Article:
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A model for evaluating intensive outpatient behavioral health care programs
Psychiatric Services 1996; doi:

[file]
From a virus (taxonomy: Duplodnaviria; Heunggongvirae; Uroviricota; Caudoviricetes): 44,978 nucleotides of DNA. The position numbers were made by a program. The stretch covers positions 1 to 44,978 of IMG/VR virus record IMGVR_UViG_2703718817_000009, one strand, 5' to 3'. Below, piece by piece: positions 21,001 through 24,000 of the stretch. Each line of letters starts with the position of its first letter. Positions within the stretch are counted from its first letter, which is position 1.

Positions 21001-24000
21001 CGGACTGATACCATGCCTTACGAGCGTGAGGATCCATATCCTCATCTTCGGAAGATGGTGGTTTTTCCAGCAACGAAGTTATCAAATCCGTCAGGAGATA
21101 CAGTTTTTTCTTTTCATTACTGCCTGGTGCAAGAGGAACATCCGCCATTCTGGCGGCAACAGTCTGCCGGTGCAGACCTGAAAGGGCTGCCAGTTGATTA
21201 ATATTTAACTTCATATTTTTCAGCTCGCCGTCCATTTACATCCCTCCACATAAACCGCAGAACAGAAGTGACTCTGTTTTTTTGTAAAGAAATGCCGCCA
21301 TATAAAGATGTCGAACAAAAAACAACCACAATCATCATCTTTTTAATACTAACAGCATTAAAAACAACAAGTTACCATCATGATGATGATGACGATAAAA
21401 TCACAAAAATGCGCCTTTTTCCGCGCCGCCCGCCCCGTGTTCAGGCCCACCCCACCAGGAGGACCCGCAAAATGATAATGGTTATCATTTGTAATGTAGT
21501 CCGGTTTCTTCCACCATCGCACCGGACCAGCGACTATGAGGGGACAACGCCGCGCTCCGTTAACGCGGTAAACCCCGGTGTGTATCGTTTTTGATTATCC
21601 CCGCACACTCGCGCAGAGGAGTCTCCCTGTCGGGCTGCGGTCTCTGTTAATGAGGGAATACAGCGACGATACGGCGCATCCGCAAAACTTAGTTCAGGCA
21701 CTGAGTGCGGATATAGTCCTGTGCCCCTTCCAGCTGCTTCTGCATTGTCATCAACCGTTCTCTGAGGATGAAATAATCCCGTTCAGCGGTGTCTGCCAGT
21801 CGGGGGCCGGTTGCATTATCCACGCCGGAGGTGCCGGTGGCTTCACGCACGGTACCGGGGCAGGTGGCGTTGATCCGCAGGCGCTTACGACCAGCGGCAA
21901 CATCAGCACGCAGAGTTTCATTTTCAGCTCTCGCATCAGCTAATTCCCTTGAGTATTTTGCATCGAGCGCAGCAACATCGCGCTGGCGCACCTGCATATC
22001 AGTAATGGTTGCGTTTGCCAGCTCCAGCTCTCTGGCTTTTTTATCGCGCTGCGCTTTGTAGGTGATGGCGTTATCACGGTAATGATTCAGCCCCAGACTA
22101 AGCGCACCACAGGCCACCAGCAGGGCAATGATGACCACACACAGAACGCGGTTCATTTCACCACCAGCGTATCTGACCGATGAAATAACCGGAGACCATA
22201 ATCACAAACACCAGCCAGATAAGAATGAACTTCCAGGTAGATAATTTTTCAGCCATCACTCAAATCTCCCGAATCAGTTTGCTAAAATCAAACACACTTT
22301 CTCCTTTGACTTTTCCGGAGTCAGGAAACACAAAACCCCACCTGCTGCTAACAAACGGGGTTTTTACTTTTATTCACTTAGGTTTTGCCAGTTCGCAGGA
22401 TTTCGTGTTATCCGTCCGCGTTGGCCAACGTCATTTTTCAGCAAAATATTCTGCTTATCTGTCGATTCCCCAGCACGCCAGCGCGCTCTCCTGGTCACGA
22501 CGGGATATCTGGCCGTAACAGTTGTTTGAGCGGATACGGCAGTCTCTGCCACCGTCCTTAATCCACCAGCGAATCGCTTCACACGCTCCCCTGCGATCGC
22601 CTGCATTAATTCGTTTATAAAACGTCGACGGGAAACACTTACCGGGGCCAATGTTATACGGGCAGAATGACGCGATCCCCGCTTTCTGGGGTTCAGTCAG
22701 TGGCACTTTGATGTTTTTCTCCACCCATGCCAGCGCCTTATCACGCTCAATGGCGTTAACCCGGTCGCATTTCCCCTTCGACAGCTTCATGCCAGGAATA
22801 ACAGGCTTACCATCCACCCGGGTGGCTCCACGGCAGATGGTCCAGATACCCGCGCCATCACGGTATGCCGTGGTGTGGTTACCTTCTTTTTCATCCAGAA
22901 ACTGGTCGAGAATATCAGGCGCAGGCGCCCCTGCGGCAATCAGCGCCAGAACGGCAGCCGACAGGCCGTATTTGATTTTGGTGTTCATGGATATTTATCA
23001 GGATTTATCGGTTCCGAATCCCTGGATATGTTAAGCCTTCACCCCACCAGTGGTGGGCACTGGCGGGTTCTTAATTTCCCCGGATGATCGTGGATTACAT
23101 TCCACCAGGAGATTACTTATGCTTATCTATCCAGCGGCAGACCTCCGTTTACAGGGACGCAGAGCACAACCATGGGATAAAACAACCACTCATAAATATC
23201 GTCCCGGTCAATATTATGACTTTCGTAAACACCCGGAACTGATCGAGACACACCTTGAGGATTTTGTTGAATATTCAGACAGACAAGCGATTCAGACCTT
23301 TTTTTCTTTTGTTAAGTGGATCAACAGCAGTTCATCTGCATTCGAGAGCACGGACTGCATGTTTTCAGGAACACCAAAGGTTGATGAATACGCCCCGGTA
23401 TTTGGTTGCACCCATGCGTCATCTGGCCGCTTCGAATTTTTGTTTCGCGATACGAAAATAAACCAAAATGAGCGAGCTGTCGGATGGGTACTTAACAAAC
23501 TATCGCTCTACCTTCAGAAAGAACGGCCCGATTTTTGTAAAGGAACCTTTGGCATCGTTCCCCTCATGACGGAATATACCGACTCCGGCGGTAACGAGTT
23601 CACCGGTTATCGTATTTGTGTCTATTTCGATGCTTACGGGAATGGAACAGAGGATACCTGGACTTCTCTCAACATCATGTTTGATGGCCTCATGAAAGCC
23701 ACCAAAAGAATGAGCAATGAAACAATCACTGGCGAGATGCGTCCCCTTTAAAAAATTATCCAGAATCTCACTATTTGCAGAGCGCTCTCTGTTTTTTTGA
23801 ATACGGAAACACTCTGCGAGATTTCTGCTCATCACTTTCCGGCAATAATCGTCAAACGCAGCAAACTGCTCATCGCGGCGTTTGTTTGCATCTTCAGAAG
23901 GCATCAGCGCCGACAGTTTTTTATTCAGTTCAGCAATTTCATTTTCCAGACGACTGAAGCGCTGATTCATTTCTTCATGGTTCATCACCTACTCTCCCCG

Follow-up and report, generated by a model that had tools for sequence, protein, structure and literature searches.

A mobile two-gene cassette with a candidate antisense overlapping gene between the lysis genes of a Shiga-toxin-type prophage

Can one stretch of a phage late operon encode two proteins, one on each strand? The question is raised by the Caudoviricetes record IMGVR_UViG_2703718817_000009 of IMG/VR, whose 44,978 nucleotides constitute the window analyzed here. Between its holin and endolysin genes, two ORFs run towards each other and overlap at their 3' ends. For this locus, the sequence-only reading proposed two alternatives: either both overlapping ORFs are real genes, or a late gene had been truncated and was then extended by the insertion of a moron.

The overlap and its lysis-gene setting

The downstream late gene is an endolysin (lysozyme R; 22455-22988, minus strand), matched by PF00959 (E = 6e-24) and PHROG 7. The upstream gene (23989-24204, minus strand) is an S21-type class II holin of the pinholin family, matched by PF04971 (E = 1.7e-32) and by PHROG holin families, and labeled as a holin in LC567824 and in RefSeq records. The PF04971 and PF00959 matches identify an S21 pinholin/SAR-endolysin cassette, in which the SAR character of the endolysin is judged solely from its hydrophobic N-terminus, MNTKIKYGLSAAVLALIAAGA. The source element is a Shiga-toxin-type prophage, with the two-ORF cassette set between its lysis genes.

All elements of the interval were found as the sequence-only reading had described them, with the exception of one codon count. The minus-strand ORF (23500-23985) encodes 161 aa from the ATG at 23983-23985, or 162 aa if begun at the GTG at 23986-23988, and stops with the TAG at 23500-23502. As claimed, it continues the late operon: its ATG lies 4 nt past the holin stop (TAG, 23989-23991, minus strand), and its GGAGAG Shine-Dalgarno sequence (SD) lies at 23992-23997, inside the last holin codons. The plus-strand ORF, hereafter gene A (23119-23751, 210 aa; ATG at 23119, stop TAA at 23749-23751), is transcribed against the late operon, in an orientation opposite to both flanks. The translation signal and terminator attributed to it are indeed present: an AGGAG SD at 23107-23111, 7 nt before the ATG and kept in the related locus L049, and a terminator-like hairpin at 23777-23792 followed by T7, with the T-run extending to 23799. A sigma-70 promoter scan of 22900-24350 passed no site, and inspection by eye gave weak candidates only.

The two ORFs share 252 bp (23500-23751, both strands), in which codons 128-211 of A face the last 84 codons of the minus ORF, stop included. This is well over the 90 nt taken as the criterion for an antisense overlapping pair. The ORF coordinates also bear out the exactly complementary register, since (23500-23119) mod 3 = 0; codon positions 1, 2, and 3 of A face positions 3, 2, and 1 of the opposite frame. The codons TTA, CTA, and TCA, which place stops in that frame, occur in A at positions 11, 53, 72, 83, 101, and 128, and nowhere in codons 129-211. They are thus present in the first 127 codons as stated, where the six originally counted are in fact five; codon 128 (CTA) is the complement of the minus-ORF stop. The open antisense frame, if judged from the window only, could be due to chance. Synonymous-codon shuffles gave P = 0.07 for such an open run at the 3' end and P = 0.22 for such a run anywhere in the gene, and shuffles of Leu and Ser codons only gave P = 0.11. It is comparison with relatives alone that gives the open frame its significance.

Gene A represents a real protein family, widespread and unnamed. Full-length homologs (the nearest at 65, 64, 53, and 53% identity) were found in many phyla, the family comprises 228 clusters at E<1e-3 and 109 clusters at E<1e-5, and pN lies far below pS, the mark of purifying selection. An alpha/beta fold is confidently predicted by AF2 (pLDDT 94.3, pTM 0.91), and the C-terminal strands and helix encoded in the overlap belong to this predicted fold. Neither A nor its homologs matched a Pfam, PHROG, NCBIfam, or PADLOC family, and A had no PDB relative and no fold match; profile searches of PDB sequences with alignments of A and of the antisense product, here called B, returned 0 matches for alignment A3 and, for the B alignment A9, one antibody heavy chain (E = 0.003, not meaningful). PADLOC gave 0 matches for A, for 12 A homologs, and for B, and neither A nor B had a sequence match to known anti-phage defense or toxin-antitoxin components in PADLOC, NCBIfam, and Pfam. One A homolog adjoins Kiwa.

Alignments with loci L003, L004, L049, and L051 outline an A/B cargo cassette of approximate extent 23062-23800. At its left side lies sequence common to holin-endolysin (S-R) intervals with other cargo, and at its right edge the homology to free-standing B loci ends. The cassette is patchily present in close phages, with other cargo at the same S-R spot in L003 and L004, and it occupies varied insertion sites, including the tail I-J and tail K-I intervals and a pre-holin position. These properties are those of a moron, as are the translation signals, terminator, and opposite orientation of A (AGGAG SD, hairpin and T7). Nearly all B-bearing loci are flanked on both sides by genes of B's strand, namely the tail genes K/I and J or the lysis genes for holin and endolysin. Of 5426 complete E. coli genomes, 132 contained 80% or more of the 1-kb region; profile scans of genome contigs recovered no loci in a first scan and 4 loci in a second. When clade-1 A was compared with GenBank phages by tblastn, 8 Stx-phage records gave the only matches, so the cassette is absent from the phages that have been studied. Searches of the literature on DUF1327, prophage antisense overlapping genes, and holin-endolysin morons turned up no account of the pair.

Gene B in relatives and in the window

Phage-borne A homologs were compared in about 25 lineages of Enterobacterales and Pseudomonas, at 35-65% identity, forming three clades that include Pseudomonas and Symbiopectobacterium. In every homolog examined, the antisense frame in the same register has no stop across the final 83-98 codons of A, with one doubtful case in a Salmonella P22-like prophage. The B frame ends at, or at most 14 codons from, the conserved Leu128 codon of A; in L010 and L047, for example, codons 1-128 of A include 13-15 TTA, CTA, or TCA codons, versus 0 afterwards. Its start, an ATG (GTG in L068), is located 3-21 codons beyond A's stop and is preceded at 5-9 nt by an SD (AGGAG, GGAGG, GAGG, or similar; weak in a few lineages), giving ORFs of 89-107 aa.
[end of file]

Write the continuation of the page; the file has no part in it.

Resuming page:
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OBJECTIVE: This study proposes a model with five criteria for evaluating the effectiveness of intensive outpatient behavioral health care programs and applies this model to a brief partial hospital-crisis stabilization program. The five criteria are client selection, program attendance, service utilization and focus of treatment, client improvement, and cost-effectiveness. METHODS: The program evaluation model was tested with a sample of 285 adults with severe mental illness who were admitted for or were receiving outpatient treatment at a state- funded community mental health center. Evaluation data included pre- and postprogram ratings by clinical staff of clients' symptoms, level of functioning, and treatment readiness; current and retrospective reports of clients' symptoms based on interviews with clients; and clients' service and financial records. Clients and clinicians also provided data about the problems addressed during treatment sessions. RESULTS: Program dropouts used significant facility resources before dropping out. Clients who participated in the partial hospital-crisis stabilization program showed reduced symptoms, improved daily functioning, and improved treatment readiness. Clients who showed more improvement cost less to treat. CONCLUSIONS: The evaluation model produced the information necessary for demonstrating program effectiveness. The results support the belief that clinical effectiveness and cost-effectiveness are positively related.

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